number of Democratic Senators in ihattody
eleven. Sumner tried totave him excluded
on the ground that Maryland has nova- Re
pulilican form of government, but finding
lainiself in a minority, withdrew the resolu
Gas. HANCOCK telegraphs General Grant
asking•to be relieved front command of the
Fifth Military District. The , request hffs
been referred to the President, who has the
Matter under advisement. • General Han
cock claims that Corrupt officials. which he
had displaced have been restored to power
by order, of den. Grant. He it 4 of the opin
ion that he cannot make his department effi
cient unless he can be the judge of the situ/t
-axa in that mgard.
B. WADE has just been iles4mated, by
the Norfolk Virginian, ass "blesphmnons old
light-wood knot."
Ex-PEusaramst Pizazz thinks the Demo
cratic party win be greatly strengthened,by
the - violence of the Radicals id impeaching
the President. '
A RICHMOND negro, who draws his soup•
rations at the Bureau was asked it he got a
a good article. "Dunn, sir) we feeds it to
our pig," was the response.
STANTON wrote the veto of 'the Tenure-of-
Office bill: But the vile ivretch now clings
to it though if never applied to hirn. lie is
charged with advising secession just before
the war broke out. •
IN the few towns heard frem in Maine, at
the city and town elections on the 3d hist,
the following results arc shown : Portland,
DemoCratic gain since - November, 1867, 480;
Rath; ditto, 64; Lewiston, ditto, 20$ Saco,
Radical gain 64.
Sows one has attempted to condense the
story of the New York Constitutional Con
vention in one brief sentence. After .nine
months of gestation and parturition, it
brought forth a black baby,,Negro Suffrage,
the father of which (R. G.) has tun away.
'Tun official returns of the late electien
Alabama have been made up. Of one buil:"
dred and seventy-one thousand registered
voters, only a little over, seventy thousand
were cast, and not all of them far the Consti
tution. Tito white vote is insignificant—not
over one in twenty.
THE Constitution of the United States dg-
Glares that "The' President shall be Commail
der-in-Chief of the Army and li r avy of the
United States." In the face of this, General
Grant has given orders to the . military all
cers; not to obey any orders of the President
unless they are sent through:his depart
Tams patriotic Governors who say their ,
constituents are "panting", to fight, and have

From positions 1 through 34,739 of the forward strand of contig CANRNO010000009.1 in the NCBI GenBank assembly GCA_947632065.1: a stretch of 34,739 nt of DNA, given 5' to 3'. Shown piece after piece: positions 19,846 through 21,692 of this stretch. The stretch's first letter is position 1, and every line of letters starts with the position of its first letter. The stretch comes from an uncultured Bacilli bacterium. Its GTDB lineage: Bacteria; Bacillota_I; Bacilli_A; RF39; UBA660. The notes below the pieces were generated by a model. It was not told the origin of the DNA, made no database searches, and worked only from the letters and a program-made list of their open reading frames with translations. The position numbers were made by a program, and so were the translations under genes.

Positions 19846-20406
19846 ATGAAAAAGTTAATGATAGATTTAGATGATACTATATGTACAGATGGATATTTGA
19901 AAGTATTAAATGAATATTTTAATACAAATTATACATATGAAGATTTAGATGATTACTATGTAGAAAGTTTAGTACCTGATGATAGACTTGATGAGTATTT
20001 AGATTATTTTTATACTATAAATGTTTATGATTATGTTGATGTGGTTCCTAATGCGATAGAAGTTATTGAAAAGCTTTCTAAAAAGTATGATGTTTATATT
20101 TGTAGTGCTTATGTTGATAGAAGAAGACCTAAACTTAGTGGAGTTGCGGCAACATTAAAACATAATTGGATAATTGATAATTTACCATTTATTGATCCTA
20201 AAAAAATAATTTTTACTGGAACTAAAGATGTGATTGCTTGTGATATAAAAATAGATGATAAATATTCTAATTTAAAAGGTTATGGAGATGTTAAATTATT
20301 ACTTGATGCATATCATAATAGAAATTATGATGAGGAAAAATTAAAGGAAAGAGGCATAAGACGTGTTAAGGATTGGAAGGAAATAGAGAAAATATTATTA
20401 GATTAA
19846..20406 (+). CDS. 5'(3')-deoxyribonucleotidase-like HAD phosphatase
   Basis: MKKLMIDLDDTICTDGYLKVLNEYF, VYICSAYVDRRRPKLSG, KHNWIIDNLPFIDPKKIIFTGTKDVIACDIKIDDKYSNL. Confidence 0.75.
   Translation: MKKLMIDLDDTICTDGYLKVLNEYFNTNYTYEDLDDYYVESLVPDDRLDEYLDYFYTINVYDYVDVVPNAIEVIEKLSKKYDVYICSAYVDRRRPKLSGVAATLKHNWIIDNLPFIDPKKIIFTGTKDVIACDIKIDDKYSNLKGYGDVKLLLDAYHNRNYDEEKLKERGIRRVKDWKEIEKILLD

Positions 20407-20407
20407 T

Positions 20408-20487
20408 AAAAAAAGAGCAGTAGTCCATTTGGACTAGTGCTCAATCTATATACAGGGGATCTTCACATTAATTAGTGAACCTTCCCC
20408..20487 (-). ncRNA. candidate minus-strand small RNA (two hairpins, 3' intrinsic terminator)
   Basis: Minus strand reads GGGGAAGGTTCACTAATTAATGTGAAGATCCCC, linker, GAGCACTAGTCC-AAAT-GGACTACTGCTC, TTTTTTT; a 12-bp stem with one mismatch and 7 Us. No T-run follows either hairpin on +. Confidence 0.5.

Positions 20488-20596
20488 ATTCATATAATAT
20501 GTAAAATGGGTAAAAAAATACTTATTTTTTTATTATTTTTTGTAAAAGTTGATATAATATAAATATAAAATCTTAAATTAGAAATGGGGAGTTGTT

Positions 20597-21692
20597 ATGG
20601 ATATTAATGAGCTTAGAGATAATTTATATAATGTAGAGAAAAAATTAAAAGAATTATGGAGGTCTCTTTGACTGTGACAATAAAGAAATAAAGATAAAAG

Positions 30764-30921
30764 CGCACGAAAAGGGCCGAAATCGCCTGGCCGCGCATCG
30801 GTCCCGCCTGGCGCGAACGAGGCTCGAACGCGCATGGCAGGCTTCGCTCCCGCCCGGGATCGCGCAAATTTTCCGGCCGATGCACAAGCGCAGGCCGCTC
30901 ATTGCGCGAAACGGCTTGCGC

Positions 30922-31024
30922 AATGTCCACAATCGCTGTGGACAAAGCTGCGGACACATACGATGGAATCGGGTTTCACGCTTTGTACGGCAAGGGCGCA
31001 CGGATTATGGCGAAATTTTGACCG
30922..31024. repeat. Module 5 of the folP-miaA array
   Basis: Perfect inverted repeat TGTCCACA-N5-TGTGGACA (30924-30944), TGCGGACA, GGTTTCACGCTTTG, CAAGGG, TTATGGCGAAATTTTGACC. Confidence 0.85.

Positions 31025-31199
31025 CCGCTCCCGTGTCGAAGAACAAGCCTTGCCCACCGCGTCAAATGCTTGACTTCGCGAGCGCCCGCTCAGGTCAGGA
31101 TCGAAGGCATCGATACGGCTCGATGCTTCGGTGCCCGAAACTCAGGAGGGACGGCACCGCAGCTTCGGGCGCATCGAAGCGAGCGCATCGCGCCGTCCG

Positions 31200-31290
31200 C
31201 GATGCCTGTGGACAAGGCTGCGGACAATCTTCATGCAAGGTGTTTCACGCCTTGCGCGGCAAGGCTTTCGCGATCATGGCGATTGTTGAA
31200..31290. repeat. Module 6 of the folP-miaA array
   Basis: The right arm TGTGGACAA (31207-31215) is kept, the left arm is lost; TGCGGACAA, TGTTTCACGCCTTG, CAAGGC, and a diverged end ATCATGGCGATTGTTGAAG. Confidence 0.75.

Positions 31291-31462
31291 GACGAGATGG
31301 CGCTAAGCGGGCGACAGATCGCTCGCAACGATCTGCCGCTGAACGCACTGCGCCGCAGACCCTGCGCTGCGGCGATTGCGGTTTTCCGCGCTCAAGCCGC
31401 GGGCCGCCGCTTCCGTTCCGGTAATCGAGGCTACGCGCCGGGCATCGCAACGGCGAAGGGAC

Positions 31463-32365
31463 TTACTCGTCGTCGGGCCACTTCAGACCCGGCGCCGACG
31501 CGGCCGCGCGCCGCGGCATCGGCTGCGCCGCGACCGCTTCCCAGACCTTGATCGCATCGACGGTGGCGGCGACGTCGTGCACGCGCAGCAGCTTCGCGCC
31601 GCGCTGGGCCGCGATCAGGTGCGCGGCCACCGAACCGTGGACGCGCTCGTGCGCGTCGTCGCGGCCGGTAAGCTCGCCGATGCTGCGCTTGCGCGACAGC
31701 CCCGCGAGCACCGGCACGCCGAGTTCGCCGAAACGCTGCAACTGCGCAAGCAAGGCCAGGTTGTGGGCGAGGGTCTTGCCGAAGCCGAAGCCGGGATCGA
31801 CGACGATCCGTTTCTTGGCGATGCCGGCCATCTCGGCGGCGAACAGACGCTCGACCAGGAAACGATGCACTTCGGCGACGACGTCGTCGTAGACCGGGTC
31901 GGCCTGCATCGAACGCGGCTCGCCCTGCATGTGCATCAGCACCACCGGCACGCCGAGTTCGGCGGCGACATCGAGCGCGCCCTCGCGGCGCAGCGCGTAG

tendered 100,000 men as if they • were so"
many birds, had better keep cool. Do they
rememberthat drafting lad to be resorted
to, , in 1864 and 1885, to get men, and that
the people ore not so anxious for the "next
war" as . Governors, - ex-Quartermasters and
Tom Tribune has confessed . the' secret of
its passion foi impeachment. I..Thre is
. no
news in the confession, but it, Lias the merit
of candor nevertheless.• ' Andrew Johnson is
to be impeached—for the crime 4treschery
to the party . which elected him rr "In the
opinion of some," blandly observes the emi
nent publicist of the Tribune, this is the
"greatest crime" he has committed. No doubt .
of it
WE are taxed about one hundred and fifty
millions a year in order to pay interet on the
war debt ! If this interest were to be paid in
greenbacks—which sire have to take as mon
ey—we would be free of this tax! If we
have to take 'greenbacks in place . of gold,
'why should not the
take the
same'? Why does not the Government print
off some more greenbacks and pay bondliold
'era, in place of taxing the people?
Tab Philadelphia Silinlay Transcript, au
original Grant 'paper; in speaking of the
General, says he has "forfeited all claim to
respect as a gentleman, or 'confidence as a
soldier," and that "he has suffered his lust for
offige to override his manhood," and further
bore says, "a candidate who commences his
career in deceit will to find shame if
nothing worse, in the end."
IN A certain school district in New
Hampshire there; is a debt of shout 10,000, to
be apportioned among sixty voters. One
man who is worth $40,0* if. assessed $66,
while another worth a few,thousand and do
ing a small manufacturing businiiss, is as
sessed s'34n; and thus it is through the diti;
trict—the poor laboring men taxed beyond
endurance, while.the rich bondholders receive
all the benefits, withoUt sharing the burdens.
So it is everywhere.
Pion. Washington to Lincoln,every pre4i
dent has exercised the right, to remove plena-
hers of their Cabinet whenever they tliftiiist
such a course right and proper. No-one ever